Part 1 – The Story of Brüno
With the rise of social media, there has been a dramatic shift in audience behavior and how they gather information and choose which movies to attend. This shift has had a dramatic effect on how we measure a movie’s success (or failure) at the box office, and in the ethos of culture. In the past, opening weekend numbers indicated a film’s success – a testament to the marketing campaign and the studios wisdom in choosing a successful story. Today, social media provides a means for the audience’s voice to grow louder than that of the marketing campaign. Which makes it extremely challenging (if at all possible) to sell a bad movie to the masses.
When did this change? Back in 2009, we saw the shift when Universal’s Brüno hit the marketplace. Let’s break it down and see what happened and what it means for releasing films today.
The Story of Brüno
In 2008, Universal Pictures greenlite Sacha Baron Cohen’s film Brüno. It was set to release in July 2009 and they anticipated its success would be equal to that of Cohen’s 2006 box office success, Borat. It was a solid gamble for Universal. The odds seemed to be ever in their favor. Unfortunately, what happened between 2008 and 2009 was a social media revolution that changed everything, and in particular the fate of Brüno. What resulted was the most unusual, under evaluated opening weekend numbers in the history of Hollywood.
“Brüno had one of the steepest Friday-to-Saturday drops on record, slipping 39 percent from $14.4 million on Friday to $8.8 million on Saturday.” – Box Office Mojo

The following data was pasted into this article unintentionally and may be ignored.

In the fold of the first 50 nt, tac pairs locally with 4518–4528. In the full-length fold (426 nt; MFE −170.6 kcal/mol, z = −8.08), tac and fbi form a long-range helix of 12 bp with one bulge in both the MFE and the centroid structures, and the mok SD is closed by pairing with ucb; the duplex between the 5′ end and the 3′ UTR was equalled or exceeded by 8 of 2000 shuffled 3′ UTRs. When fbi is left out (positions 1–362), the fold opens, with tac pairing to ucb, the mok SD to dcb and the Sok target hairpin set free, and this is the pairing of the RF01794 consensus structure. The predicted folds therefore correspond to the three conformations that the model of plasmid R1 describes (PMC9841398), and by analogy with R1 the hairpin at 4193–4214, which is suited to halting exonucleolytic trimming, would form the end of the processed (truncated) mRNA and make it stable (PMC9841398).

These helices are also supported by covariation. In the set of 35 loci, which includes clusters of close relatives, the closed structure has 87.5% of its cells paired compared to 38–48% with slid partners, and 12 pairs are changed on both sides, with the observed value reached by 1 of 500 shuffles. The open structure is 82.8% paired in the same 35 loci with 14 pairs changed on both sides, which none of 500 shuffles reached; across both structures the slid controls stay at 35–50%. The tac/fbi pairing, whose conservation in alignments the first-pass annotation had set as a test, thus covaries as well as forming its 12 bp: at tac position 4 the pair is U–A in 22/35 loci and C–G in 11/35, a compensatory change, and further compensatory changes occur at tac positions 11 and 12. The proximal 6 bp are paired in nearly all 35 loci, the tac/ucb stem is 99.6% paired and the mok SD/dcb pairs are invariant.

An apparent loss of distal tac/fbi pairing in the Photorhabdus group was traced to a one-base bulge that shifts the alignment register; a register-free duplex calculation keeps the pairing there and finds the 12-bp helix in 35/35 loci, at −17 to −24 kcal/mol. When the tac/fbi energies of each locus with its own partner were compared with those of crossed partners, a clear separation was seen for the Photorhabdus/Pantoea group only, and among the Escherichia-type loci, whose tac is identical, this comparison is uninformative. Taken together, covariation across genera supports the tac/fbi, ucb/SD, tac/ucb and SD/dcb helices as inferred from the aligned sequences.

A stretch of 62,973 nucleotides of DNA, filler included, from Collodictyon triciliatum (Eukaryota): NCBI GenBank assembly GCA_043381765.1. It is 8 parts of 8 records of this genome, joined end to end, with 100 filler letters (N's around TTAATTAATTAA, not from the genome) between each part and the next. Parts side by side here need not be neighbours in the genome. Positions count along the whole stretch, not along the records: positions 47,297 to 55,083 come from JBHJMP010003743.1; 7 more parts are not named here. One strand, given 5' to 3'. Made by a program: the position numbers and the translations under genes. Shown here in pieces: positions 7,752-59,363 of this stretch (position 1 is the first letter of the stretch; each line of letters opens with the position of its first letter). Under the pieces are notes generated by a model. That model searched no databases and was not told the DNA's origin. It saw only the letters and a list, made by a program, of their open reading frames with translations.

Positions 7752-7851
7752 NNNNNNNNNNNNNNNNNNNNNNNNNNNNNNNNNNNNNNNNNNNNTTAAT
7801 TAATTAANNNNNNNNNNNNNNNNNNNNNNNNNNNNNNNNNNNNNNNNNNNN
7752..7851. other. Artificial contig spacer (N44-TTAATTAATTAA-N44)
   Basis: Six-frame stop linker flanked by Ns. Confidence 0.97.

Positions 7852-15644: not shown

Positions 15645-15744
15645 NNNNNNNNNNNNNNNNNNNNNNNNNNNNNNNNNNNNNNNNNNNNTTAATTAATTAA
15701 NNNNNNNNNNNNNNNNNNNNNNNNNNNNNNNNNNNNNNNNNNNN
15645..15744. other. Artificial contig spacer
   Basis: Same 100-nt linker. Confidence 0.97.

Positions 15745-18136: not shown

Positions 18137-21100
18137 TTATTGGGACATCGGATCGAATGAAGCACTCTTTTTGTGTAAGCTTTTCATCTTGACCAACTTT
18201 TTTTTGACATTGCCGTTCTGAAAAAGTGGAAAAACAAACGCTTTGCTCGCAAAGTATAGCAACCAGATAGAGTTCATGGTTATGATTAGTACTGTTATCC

When Brüno opened Friday night, it was the #1 movie in America. In less than 24 hours, the film took a 39% decline and moved from the #1 movie to the #3 movie! That is an unheard of pattern in Hollywood. In the past, if you can get “butts in seats” opening night, the overall weekend success is inevitable. In Hollywood a marketing campaign on a bad movie is successful if it at least gets a good opening weekend. Yes, they are harder to sell, but it’s not impossible to sell a bad movie to the public (deceit and spin!) and get enough people buying tickets opening weekend to make the film profitable.
Focusing on opening weekend returns made taking risks on questionable stories a little less risky if you at least had star talent or filmmakers to sell the film. And it worked in Hollywood for years, but in 2008/2009, social media exploded and the business of telling stories was revolutionized and what used to work no longer did.
Stay tuned for Part 2 where we’ll take a closer look at the rise of the social media revolution and how it was to blame for Brüno’s disastrous opening weekend.
Click here to read Part 2.